It is important for every business to have a vector version of their logo in order to successfully market themselves. Ideally you would have both a vector and a raster version of your logo as they are both important in different ways. However, in general, the vector format is the favored choice for logos as it gives you the most flexibility. This is especially true when doing any kind of large format printing such as banners or vehicle wraps.
This is due to the fact that raster images have more restrictions and limitations then a vector file. With a vector file you have complete control and access to manipulate the file as needed. With a raster image, if you are lucky and the file is not flattened then you have some ability to manipulate the different objects, if it is flattened then you cannot manipulate the image. With a raster image, you are also limited in how big you can make the logo. The original size and resolution the file was created at, will dictate how big you can make the logo. Whereas a vector logo is not limited by these factors.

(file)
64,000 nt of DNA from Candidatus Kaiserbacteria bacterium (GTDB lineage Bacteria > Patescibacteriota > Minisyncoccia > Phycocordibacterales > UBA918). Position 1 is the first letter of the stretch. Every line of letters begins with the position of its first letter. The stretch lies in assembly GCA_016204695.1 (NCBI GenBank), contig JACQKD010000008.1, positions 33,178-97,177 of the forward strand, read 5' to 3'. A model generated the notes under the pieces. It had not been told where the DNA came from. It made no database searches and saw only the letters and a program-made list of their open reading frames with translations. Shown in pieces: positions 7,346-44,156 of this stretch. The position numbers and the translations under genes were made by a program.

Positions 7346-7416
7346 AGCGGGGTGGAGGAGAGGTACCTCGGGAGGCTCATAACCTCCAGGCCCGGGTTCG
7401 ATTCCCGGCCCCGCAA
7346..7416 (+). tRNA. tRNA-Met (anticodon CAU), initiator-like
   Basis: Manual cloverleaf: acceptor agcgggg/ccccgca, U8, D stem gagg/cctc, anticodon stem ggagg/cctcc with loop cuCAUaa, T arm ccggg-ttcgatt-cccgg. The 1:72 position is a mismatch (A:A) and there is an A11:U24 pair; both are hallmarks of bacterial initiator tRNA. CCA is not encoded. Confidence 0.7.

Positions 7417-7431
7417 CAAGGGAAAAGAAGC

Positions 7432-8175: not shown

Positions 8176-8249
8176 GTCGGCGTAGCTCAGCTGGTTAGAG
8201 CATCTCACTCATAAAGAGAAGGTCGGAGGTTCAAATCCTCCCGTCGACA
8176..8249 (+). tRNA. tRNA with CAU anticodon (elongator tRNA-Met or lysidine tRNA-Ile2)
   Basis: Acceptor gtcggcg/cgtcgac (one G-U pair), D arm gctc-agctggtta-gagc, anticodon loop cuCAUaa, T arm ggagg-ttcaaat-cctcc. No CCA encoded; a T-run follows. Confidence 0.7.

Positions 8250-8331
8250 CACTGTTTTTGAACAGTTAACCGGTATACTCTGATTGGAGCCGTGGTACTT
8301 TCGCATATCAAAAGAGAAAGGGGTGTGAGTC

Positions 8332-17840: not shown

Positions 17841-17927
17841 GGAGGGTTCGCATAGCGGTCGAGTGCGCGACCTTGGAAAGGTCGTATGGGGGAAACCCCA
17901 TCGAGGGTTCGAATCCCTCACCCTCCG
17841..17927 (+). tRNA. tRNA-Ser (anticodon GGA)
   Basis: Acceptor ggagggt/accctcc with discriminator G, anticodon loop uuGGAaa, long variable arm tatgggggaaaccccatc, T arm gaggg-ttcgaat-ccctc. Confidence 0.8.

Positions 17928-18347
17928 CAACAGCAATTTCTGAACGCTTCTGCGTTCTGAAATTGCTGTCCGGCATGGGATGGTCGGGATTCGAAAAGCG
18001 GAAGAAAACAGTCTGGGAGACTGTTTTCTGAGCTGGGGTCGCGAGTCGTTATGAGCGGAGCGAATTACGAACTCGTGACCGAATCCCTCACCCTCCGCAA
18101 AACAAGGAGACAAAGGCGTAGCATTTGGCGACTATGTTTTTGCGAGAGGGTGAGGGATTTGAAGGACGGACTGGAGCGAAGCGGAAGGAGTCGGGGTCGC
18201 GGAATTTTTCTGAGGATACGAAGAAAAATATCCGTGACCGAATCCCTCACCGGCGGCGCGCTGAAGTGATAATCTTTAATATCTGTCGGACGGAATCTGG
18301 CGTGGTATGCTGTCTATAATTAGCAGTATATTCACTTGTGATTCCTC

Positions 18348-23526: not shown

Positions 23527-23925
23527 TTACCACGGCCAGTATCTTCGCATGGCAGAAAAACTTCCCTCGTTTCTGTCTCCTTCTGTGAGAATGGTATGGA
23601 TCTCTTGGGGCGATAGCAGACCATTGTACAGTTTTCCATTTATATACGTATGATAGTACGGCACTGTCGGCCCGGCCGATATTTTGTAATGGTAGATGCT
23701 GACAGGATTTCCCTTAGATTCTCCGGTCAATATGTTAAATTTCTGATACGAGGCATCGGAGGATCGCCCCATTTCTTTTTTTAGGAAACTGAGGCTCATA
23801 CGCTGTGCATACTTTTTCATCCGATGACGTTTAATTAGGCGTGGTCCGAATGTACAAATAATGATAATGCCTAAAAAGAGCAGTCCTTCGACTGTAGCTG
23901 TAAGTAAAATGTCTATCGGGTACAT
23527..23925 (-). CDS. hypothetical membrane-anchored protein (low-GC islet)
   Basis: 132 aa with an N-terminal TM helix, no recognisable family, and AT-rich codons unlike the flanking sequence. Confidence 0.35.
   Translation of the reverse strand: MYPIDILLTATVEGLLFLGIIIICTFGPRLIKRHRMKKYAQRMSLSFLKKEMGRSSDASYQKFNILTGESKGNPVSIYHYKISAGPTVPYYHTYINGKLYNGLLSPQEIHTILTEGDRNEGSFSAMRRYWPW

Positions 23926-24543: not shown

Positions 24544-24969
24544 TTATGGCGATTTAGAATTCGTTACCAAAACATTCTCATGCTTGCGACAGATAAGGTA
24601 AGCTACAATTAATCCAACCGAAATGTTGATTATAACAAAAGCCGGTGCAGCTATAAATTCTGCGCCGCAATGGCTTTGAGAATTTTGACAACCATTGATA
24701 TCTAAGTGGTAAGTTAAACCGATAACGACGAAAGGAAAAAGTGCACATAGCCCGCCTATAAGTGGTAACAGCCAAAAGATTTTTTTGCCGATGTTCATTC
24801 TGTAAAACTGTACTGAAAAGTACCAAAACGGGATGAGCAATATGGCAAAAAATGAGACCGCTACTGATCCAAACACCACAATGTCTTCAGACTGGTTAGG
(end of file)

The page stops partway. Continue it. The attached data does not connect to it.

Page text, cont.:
Also if your logo has some really cool elements that you want to separate from your logo and incorporate in your design, vector format allows you to easily do this.
For example, say you want to use this cute little elephant really big on the back of your vehicle wrap, if its vector no problem. However in its current flattened raster state, huge problem.
Or say you logo has a element you want to step and repeat in the background of your wrap like the ornate decoration around the b in this logo. Again vector easy no problem. Raster not so much.
Like I said raster and vector logos both have there place and purpose, but for wraps especially a vector logo is the key to a good wrap.
I will leave you with on final word. Vector images can be rasterized, however, raster images can not become vector images. Once something is rasterized its a raster image for good.